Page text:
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  1. Zhongbo Chen,
  2. Kuang Lin,
  3. Aleksey Shatunov,
  4. Ashley Jones,
  5. Ammar Al-Chalabi
  1. Department of Clinical Neuroscience, IPPN, King's College London


Background Amyotrophic lateral sclerosis (ALS) is a devastating neurodegenerative disease. We examined the phylogenetics of ALS-susceptibility genes from our previously-published genome-wide association study (GWAS).

Methods We examined the association between ALS-susceptibility genes and hybridisation from the Neanderthal genome using a modified gene set enrichment analysis (GSEA). These gene sets comprise thirteen candidate regions for Neanderthal to non-African human gene flow [UCSC Genome Browser]. We ranked the ascending p-values of 442,057 GWAS SNPs and simulated the distribution 100,000 times. The resulting empirical p-value, comparing observed with expected mean rank, identified which gene sets are over-represented at the top of the rank list. Bonferroni corrections for multiple testing were applied.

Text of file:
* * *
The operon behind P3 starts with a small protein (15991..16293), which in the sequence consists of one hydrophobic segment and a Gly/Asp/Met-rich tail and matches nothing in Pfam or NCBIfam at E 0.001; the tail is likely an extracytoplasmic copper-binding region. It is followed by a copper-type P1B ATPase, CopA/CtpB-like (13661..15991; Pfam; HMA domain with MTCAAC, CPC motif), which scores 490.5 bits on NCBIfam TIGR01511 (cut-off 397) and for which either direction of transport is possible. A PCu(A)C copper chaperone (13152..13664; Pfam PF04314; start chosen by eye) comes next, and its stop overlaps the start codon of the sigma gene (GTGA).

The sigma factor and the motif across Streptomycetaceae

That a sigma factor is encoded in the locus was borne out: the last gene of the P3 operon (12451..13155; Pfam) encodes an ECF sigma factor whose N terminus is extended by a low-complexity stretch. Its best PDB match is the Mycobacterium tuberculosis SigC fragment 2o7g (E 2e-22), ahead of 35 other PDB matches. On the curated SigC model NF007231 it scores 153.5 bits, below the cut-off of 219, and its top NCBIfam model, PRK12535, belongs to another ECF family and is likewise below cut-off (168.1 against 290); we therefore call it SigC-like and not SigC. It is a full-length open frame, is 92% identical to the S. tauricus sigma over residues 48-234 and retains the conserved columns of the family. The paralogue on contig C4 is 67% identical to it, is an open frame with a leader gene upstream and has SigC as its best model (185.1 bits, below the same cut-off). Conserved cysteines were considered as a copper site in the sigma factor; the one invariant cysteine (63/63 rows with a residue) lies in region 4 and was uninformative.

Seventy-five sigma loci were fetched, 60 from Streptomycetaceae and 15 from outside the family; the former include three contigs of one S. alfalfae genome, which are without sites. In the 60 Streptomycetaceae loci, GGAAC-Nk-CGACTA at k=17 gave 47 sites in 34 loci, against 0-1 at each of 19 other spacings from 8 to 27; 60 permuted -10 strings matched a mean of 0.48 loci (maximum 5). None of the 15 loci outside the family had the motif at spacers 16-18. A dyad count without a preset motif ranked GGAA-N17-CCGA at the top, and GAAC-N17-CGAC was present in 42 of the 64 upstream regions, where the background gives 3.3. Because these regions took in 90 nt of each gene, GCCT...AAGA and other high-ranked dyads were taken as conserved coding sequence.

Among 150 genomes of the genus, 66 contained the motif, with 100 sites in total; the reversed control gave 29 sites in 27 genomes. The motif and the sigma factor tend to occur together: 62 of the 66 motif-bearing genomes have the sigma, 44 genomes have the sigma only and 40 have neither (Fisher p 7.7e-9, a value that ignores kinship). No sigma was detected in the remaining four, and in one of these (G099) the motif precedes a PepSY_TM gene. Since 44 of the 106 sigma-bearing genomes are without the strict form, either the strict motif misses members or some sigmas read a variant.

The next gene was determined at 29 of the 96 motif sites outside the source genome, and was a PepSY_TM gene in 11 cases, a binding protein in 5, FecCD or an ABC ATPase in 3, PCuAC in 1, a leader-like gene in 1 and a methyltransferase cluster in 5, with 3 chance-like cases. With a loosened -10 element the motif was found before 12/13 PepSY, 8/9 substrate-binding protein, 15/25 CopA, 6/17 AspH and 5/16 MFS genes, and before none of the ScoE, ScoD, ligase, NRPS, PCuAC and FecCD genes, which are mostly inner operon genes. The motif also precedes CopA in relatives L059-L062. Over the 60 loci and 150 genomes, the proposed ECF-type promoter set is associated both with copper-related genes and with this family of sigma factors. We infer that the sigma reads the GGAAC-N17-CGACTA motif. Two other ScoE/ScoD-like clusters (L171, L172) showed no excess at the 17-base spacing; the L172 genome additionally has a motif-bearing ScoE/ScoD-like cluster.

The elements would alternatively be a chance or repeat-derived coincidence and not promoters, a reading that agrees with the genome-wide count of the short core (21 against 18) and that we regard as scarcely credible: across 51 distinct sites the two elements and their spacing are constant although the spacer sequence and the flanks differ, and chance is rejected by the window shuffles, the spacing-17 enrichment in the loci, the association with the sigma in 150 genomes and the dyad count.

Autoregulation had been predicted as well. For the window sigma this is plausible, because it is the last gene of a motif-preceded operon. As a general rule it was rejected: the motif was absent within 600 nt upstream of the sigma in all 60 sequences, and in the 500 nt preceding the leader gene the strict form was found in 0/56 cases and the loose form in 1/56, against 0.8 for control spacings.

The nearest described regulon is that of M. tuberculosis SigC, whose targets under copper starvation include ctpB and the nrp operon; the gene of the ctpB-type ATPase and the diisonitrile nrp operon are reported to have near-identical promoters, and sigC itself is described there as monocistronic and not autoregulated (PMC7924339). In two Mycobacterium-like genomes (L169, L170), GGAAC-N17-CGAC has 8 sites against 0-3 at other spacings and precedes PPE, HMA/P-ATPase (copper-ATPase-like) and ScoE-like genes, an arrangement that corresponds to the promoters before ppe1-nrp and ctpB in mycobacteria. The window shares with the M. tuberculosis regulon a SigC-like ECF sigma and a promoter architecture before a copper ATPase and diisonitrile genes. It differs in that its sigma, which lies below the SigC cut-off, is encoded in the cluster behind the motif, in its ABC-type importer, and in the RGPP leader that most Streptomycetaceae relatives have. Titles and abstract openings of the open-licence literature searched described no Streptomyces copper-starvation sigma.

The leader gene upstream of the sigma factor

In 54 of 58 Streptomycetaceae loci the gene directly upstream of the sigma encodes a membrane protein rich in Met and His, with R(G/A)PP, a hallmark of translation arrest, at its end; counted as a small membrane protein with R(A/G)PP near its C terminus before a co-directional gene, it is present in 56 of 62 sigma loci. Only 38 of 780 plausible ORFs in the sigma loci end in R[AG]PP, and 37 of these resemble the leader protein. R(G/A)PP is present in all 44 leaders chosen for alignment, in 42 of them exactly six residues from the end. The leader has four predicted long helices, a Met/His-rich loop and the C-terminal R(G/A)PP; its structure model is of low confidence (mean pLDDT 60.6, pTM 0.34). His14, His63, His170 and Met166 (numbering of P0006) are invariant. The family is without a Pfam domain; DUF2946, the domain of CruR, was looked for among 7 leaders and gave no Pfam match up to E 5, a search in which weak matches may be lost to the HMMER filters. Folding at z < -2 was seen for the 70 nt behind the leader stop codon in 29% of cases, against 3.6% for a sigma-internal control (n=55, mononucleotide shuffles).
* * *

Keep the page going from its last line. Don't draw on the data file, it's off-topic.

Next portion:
Results 6,402 imputed GWAS SNPs fell into the thirteen gene sets. We found that the regions on chromosomes 6 and 9 accrued the lowest observed mean ranks (8,594 and 7,096 respectively) and were not different from expected mean ranks after simulation for those regions – empirical p-values before Bonferroni correction were 0.086 for chromosome 6 and 0.071 for chromosome 9.

Discussion Using GSEA to evaluate European ALS GWAS data in the context of pre-defined gene sets refutes the theory that ALS-susceptibility loci may have arisen from Neanderthal to non-African modern human gene flow.

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